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Posts for: November, 2014

What to do when a child or an adult knocks a tooth out of the mouth?

Most recent studies state that the TIME outside of the bony socket in the jaw is the most critical factor for the survival of a tooth.  If the tooth can be re-implanted into the socket within 30 minutes, or if it can be kept in a specialized media similar to the body’s physiology, or in a cup of milk, before it is re-implanted, the chances of success are fairly good.

If the tooth has been out of the socket and dry for more than one hour, the chances of long term success are vastly decreased.   Time is most critical. Get to the dentist immediately!

In a young child, if the permanent tooth has an open apex, (i.e. the root is not completely formed or is open), and it is re-implanted within an hour, there is a chance that the pulp tissue inside will re-establish a new blood system.  Most importantly, if the tooth has been knocked out, it is best to call your dentist immediately to re-implant the tooth and have it splinted.  Carry the tooth in a closed container with enough milk to completely submerge the tooth.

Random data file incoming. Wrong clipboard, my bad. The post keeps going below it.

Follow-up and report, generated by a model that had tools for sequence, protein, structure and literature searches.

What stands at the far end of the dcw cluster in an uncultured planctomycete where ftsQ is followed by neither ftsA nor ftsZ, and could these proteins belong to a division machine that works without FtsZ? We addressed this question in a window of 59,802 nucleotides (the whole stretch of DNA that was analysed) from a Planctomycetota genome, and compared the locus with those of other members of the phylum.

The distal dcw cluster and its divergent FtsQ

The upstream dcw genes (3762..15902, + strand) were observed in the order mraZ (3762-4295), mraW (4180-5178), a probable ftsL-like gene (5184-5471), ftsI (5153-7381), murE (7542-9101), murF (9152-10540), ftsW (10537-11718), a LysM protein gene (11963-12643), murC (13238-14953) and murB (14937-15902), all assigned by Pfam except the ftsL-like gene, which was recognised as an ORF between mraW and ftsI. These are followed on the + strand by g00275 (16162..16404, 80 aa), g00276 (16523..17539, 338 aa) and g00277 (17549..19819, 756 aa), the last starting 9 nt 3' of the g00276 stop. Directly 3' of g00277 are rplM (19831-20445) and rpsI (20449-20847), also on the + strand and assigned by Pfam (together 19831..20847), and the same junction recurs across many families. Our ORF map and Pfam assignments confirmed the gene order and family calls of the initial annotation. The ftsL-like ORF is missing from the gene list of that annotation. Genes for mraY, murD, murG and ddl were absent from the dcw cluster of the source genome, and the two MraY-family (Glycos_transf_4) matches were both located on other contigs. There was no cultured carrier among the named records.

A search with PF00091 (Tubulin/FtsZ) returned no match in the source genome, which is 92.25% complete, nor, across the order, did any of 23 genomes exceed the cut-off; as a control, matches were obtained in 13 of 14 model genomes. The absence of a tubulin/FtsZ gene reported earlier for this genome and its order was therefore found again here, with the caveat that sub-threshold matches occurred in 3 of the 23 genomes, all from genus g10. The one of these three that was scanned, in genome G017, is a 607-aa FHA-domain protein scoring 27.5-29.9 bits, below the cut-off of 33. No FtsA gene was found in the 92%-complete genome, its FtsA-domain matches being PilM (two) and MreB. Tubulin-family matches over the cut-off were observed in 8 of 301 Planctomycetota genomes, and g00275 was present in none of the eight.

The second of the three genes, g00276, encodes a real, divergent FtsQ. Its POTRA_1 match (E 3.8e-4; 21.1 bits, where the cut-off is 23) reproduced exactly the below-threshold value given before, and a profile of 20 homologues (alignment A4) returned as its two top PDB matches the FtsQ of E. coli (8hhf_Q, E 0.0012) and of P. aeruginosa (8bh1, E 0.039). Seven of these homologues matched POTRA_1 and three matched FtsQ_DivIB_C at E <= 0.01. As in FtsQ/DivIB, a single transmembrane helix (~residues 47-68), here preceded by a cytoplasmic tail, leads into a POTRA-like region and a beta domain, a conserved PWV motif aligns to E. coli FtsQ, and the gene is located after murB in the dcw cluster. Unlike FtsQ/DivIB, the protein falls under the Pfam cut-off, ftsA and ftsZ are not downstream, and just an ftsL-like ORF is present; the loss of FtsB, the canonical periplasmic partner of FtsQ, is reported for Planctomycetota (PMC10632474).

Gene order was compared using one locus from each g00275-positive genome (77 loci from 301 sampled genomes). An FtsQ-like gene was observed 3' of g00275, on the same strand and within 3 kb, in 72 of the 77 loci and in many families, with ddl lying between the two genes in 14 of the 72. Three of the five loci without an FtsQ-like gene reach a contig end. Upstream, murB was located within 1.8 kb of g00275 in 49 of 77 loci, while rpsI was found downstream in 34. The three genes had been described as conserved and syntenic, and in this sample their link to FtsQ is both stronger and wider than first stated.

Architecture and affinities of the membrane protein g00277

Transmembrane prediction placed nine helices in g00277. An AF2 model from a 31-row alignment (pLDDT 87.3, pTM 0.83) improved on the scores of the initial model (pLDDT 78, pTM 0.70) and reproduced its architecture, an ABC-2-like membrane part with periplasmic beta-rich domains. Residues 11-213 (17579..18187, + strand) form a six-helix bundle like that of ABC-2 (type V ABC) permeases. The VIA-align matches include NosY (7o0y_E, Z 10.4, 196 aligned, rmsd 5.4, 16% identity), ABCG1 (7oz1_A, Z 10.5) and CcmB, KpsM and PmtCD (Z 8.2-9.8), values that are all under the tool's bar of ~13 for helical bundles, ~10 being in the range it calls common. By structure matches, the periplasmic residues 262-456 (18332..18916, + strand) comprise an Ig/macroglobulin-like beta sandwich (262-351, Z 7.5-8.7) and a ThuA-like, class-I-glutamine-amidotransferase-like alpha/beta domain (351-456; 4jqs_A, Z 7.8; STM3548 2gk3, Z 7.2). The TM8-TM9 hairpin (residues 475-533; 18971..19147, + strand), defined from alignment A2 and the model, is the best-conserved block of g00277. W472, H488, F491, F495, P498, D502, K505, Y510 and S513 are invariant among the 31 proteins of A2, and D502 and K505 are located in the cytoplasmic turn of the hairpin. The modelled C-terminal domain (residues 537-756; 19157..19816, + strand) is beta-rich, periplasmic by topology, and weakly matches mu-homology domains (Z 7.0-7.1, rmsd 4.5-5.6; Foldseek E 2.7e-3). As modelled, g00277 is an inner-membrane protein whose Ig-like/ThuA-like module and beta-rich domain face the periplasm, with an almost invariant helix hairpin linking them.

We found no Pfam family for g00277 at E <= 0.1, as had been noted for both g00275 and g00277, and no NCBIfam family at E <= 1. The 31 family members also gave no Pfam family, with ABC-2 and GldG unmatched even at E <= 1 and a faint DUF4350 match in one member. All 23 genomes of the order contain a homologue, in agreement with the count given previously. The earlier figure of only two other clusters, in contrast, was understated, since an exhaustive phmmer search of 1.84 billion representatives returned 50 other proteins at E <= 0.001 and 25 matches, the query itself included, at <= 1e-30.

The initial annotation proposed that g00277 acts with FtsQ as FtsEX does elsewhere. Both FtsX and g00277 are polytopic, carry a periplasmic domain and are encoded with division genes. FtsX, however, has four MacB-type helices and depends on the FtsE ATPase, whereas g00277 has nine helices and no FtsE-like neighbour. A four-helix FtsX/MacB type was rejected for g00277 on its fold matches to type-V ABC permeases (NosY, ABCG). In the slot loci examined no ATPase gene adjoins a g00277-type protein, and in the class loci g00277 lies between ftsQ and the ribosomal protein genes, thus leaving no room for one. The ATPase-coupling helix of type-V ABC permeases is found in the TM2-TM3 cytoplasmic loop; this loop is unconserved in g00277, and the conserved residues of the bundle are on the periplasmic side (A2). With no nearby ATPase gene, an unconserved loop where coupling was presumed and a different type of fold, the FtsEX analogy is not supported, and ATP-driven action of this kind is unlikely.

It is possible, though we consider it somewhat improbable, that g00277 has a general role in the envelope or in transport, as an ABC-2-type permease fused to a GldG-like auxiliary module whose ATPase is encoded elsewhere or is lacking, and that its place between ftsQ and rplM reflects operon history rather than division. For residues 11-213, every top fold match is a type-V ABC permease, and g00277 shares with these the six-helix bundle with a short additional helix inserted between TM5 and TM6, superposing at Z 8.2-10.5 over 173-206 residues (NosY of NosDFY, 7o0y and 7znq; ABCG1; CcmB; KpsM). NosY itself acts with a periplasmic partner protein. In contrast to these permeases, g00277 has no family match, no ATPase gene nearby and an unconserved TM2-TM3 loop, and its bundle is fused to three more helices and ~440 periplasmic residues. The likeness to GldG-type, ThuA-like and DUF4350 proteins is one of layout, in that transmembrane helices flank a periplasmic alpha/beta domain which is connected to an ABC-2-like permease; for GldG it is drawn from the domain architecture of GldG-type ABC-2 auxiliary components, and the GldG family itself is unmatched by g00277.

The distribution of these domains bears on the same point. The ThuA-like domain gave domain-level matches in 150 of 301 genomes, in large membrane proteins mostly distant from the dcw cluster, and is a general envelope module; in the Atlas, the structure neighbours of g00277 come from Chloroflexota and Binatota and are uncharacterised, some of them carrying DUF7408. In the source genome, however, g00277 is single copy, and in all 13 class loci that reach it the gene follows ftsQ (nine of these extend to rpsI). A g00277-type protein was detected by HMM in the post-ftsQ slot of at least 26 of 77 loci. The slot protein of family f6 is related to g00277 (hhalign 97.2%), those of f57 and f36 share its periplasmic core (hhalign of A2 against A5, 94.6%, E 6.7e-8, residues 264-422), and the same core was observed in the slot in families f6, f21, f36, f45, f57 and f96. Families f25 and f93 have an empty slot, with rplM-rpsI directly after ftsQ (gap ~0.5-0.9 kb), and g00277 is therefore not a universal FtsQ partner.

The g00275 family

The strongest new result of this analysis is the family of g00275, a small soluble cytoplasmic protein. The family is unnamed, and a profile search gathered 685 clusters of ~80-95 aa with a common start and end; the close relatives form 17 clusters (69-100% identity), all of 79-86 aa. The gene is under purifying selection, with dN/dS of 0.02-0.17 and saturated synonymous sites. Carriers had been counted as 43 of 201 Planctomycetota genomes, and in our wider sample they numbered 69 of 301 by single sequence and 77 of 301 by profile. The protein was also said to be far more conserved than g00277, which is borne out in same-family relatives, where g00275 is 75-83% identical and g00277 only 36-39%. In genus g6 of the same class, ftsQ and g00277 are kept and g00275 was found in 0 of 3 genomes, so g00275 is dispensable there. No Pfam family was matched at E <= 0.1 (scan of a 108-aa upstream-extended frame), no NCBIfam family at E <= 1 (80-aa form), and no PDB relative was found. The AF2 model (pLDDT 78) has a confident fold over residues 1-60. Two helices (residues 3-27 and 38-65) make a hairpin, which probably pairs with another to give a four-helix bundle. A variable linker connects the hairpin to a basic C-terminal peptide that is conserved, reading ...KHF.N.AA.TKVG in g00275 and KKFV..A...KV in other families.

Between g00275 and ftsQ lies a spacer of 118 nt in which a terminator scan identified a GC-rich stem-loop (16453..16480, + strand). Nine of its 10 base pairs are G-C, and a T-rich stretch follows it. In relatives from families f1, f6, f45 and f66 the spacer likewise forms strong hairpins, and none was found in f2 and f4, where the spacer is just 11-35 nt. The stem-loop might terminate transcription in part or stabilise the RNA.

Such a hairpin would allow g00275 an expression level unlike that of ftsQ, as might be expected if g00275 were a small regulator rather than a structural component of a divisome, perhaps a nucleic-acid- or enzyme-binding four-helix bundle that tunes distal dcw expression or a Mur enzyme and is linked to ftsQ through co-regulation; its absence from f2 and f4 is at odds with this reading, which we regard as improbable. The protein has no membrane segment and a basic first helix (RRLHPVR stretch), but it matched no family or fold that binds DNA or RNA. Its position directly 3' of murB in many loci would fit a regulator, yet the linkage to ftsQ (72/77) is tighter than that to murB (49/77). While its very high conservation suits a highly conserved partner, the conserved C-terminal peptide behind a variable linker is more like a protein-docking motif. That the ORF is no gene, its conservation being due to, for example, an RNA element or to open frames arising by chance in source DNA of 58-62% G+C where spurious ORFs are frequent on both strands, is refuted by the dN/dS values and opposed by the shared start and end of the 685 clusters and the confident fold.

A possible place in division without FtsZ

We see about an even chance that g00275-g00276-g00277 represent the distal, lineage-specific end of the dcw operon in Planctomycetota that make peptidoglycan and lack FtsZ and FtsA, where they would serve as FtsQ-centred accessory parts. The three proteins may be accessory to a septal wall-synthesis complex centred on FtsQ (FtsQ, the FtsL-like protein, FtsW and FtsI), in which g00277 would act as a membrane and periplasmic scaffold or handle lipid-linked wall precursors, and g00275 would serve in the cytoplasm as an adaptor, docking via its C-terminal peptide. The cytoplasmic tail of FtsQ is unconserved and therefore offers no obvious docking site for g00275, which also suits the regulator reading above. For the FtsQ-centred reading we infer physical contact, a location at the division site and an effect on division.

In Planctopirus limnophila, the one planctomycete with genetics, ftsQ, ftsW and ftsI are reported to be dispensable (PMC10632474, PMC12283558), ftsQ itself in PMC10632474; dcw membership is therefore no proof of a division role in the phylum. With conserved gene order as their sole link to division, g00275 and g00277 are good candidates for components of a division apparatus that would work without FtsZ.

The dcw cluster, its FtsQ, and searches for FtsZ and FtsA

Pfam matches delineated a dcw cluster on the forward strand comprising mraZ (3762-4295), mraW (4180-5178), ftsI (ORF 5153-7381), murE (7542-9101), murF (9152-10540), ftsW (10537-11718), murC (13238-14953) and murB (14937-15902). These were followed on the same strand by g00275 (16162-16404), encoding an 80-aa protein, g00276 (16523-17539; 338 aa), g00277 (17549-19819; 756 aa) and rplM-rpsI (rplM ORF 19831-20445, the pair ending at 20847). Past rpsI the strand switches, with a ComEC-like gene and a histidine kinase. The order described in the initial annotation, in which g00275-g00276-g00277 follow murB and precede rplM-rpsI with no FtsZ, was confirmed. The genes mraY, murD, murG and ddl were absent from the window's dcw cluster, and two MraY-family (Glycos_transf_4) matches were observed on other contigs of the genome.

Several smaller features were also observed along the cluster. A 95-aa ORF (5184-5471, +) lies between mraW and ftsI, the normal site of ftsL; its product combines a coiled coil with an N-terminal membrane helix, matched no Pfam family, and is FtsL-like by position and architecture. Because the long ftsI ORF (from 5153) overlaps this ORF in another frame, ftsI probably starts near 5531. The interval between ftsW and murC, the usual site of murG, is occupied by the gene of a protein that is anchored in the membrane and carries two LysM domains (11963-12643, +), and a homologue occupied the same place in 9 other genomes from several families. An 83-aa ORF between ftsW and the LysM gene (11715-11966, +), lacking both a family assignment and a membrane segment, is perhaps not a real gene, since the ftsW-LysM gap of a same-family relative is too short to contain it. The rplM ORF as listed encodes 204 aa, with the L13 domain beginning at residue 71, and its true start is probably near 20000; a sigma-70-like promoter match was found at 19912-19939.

If the root is fully developed and fully closed, a new blood supply is not likely to occur.  Carry the tooth in a container of milk as stated above. The tooth should be re-implanted and splinted.  Root canal treatment should be started within two weeks after the tooth is re-implanted and splinted.

Even after the emergency situation has been handled and the tooth has been stabilized, it is vital to have follow-up appointments with the Root Canal Specialist over the next months, and also over the years.  Root resorption (a process in which the root is eaten away), and ankylosis (a process in which the tooth becomes fused to the bone or partially replaced by bone) are potential future problems in these traumatized teeth.